And what about AXPs and PSRs? 1E1547.0-5408 – the most rapidly rotating AXP (2.1 sec) The highest rotation energy losses among SGRs and AXPs. Bursting activity. 0909.3843 Pulsar wind nebulae around an AXP.
Postburst properties of PSR J1846-0258 1007.2829 The pulsar showed a glitch. A period of magnetar-like activity was started. After the burst parameters of the pulsar changed. n=2.65 -> n=2.16 Timing noise was increased (was very small for a magnetar before bursts)
Generation of the magnetic field The mechanism of the magnetic field generation is still unknown. Turbulent dynamo α-Ω dynamo (Duncan,Thompson) α 2 dynamo (Bonanno et al.) or their combination In any case, initial rotation of a protoNS is the critical parameter.
Strong field via flux conservation There are reasons to suspect that the magnetic fields of magnetars are not due to any kind of dynamo mechanism, but just due to flux conservation: 1.Study of SNRs with magnetars (Vink and Kuiper 2006). If there was a rapidly rotating magnetar then a huge energy release is inevitable. No traces of such energy injections are found. 2.There are few examples of massive stars with field strong enough to produce a magnetars due to flux conservation (Ferrario and Wickramasinghe 2006) Still, these suggestions can be criticized (Spruit arXiv: 0711.3650)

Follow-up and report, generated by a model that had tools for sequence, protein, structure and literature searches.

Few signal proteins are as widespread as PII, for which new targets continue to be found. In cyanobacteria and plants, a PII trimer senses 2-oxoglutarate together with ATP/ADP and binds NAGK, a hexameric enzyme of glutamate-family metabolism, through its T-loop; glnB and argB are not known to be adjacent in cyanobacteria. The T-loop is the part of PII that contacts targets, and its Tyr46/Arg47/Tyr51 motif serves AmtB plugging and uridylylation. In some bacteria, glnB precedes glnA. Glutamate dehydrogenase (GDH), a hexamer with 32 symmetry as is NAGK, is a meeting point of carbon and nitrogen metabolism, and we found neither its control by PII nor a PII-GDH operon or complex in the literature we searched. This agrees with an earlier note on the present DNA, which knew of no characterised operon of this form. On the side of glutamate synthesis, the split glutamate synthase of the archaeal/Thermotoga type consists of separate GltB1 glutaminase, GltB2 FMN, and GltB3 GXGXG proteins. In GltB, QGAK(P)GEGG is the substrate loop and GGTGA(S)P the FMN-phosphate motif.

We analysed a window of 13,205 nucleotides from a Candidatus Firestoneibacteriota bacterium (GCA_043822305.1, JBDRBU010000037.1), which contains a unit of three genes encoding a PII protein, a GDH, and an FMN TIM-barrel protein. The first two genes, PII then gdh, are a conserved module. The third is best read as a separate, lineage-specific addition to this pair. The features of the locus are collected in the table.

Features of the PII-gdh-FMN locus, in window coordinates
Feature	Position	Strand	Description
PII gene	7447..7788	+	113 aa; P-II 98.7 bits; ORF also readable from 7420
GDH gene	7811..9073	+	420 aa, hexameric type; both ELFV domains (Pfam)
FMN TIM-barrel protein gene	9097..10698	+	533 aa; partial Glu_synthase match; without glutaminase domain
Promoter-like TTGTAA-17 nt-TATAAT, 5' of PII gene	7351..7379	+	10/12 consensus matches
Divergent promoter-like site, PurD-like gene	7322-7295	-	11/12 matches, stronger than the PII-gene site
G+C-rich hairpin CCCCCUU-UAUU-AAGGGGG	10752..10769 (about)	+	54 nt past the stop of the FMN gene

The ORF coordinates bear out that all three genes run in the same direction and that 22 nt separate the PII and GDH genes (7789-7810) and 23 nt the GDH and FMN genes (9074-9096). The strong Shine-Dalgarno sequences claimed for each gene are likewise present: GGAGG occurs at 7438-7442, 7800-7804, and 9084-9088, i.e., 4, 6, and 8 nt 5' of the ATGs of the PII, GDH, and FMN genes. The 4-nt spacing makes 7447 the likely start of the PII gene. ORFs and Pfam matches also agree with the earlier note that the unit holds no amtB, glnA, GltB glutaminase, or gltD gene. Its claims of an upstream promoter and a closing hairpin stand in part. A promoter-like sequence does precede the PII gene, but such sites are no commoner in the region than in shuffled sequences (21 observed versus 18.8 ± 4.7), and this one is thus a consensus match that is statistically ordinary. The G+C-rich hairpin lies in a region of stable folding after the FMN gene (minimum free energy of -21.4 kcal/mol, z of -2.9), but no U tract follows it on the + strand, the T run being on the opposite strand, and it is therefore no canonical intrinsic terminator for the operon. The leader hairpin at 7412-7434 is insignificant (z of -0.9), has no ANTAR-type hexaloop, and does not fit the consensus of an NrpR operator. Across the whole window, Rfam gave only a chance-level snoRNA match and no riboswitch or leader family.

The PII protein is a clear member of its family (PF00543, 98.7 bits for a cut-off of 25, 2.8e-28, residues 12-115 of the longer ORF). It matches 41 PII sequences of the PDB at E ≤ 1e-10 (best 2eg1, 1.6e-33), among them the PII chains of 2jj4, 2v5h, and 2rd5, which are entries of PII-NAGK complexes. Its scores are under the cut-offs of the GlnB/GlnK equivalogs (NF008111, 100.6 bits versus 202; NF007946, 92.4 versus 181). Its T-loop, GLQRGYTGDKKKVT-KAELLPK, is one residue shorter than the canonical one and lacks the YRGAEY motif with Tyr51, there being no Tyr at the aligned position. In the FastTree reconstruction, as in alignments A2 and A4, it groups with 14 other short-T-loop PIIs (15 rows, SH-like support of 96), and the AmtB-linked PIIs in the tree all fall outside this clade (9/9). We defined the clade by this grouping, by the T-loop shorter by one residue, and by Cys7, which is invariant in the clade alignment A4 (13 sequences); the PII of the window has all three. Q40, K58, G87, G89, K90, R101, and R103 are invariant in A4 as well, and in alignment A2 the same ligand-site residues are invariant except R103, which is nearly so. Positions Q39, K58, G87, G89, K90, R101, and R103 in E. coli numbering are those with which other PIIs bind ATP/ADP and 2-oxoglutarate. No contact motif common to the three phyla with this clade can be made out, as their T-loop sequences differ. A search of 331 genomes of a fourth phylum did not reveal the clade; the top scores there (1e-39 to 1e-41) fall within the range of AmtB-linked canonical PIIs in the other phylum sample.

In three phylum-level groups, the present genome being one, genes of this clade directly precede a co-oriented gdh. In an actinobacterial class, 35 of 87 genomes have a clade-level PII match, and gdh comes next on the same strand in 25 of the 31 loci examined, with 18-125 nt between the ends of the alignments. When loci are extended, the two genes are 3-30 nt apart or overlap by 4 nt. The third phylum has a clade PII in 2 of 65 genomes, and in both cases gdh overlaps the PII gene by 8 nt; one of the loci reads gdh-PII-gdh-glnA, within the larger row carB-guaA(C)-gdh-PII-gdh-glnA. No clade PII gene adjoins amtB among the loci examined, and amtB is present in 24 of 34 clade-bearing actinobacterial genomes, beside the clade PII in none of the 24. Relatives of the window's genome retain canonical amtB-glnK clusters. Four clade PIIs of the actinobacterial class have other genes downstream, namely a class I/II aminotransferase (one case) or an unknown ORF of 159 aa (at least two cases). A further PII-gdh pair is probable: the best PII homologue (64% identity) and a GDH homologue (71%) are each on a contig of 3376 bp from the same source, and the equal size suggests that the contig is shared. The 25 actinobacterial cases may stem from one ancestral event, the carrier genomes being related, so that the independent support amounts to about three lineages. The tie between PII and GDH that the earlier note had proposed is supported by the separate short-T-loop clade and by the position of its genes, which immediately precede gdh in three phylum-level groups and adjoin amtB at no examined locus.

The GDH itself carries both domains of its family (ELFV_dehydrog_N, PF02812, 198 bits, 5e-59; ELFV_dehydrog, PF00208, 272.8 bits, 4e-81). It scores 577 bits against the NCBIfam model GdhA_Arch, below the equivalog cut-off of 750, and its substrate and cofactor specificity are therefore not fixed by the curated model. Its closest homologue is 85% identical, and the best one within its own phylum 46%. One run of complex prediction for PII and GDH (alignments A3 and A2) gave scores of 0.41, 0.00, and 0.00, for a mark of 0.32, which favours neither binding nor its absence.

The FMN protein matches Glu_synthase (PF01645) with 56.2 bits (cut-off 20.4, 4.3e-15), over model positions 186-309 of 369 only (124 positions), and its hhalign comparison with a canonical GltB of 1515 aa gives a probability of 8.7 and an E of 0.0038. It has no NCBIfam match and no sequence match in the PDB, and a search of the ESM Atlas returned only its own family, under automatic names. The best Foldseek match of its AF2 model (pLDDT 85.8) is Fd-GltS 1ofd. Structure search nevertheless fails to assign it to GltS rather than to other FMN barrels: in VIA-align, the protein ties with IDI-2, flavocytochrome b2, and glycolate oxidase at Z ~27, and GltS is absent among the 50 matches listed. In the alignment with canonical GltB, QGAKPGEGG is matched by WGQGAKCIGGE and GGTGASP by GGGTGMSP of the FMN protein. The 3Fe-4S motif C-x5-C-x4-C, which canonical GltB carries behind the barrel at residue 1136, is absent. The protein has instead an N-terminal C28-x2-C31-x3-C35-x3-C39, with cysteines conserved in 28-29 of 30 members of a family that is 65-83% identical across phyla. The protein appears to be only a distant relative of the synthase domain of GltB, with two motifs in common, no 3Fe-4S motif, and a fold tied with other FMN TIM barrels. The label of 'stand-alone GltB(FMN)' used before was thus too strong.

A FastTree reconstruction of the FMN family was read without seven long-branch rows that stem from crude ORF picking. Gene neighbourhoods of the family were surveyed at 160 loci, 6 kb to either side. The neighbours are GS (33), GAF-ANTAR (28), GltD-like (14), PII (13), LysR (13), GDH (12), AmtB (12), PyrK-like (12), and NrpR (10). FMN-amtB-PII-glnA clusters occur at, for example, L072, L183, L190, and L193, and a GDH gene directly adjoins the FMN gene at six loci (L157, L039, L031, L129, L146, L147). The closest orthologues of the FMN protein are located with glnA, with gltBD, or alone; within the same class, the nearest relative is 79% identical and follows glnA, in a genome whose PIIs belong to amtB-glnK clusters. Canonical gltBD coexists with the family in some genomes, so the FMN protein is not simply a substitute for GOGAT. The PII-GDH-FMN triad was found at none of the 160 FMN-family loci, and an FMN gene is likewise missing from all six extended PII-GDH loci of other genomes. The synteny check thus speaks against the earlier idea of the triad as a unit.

Alternative theory Remnant fallback disc Mereghetti, Stella 1995 Van Paradijs et al.1995 Alpar 2001 Marsden et al. 2001 Problems ….. How to generate strong bursts? Discovery of a passive disc in one of AXPs (Wang et al. 2006). A new burst of interest to this model.
Magnetic field estimates Spin down Long spin periods Energy to support bursts Field to confine a fireball (tails) Duration of spikes (alfven waves) Direct measurements of magnetic field (cyclotron lines) Ibrahim et al. 2002
Spectral lines claims All claims were done for RXTE observations (there are few other candidates). All detections were done during bursts. 1E 1048.1-5937 Gavriil et al. (2002, 2004) 4U 0142+61 Gavriil et al. (2007)
Hyperflare of SGR 1806-20 27 December 2004 A giant flare from SGR 1806-20 was detected by many satellites: Swift, RHESSI, Konus- Wind, Coronas-F, Integral, HEND, … 100 times brighter than any other! Palmer et al. astro-ph/0503030